Czech Human Rights Minister: Debt relief is a basic aspect of addressing social exclusion
Combating social exclusion involves not just creating accessible social housing and schools that don't discriminate, but debt relief. Czech Human Rights Minister Jiří Dienstbier opened up this very sensitive topic during the "Partie" discussion program on the Prima television station yesterday.
"I'd mention one more thing, which is naturally politically very sensitive because it must be undertaken in such a way as to avoid creating a moral hazard, but we must discuss a more accessible model for debt relief, because currently according to the bankruptcy law, only those who are capable of paying off 30 % of their unsecured obligations within five years are permitted to go into personal bankruptcy. We have an enormous number of people now who at this moment are incapable of paying down their debt and we are pushing them absolutely outside the system," Dienstbier said.
"On the one hand, they cannot negotiate normal leases for apartments, and therefore they are frequently pushed into those expensive, lower-quality forms of housing. We are incapable of getting them into the legal labor market, because it is more rational economically for them to work under the table, and that means, among other things, that we are also losing their contributions to health insurance, social security, and taxes, and that is absolutely a basic problem we must focus on, because all those who are attempting to address the question of social exclusion are drawing attention to the fact that over -indebtedness is basically an insoluble problem, at this moment, that is preventing these people from re-entering normal life," the minister said.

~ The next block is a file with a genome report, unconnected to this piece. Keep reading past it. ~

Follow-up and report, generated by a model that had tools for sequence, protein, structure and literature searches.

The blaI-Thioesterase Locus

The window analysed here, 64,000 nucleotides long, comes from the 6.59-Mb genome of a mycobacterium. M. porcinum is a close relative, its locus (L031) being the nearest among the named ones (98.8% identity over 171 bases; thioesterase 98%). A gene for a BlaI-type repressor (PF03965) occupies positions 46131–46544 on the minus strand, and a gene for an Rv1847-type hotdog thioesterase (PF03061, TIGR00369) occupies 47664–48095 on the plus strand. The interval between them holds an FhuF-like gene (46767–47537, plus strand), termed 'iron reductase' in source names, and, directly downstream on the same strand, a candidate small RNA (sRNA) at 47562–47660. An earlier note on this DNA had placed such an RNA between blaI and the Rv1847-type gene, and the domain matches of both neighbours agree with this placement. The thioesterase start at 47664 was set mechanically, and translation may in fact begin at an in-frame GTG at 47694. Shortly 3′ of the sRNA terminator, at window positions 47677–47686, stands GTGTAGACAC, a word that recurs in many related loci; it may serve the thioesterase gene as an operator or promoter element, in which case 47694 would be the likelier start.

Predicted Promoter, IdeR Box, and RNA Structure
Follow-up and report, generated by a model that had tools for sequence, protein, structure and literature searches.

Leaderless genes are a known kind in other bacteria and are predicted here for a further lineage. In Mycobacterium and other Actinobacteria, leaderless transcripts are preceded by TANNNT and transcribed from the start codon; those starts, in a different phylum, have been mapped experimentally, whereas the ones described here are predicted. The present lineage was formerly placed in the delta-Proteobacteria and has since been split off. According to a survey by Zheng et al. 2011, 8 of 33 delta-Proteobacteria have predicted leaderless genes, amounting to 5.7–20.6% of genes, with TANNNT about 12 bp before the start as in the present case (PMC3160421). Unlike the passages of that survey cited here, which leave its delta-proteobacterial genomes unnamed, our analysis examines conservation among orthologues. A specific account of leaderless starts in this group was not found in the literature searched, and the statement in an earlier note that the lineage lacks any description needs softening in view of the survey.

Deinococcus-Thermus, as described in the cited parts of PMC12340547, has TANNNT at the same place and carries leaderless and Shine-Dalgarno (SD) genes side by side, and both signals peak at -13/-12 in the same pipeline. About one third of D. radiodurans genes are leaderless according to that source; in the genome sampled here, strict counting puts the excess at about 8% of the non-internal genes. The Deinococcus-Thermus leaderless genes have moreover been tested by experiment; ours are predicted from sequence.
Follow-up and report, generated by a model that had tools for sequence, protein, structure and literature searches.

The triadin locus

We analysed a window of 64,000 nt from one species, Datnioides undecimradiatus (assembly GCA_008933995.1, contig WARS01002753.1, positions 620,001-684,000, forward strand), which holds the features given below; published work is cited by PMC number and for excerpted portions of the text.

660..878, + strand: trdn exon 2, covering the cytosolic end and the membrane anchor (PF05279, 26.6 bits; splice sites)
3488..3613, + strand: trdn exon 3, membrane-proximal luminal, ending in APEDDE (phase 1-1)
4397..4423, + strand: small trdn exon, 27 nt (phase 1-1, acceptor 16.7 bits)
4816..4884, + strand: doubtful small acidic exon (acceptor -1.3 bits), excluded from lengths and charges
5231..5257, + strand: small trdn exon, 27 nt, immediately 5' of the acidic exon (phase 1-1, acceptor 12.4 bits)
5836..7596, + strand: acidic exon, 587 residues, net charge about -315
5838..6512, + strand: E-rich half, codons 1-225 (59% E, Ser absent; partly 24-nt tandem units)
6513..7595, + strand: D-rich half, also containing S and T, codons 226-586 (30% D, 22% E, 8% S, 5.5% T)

His opponent in the discussion, Civic Democratic Vice-Chair Martin Kupka (ODS), warned of the risks of debt relief: "If we're going to talk about debt relief, the state must not be allowed to send the signal that it is possible not to pay one's debts. The institution of personal bankruptcy does exist, and it does make sense to discuss how it actually could function better, but to send the signal that it is possible not to pay off your debts would really be overwhelming for this society."
"I said we must do this in such a way as to avoid moral hazard," Dienstbier reiterated. "When we are talking about personal bankruptcy, which should be more accessible for those who are already today basically completely excluded from economic and social life because of the situation they are in, then naturally it would have to be tied to their fulfilling very strict conditions for several years, including sincere attempts to pay off what they can, and conditions for their creditors in some sort of controlled regime."
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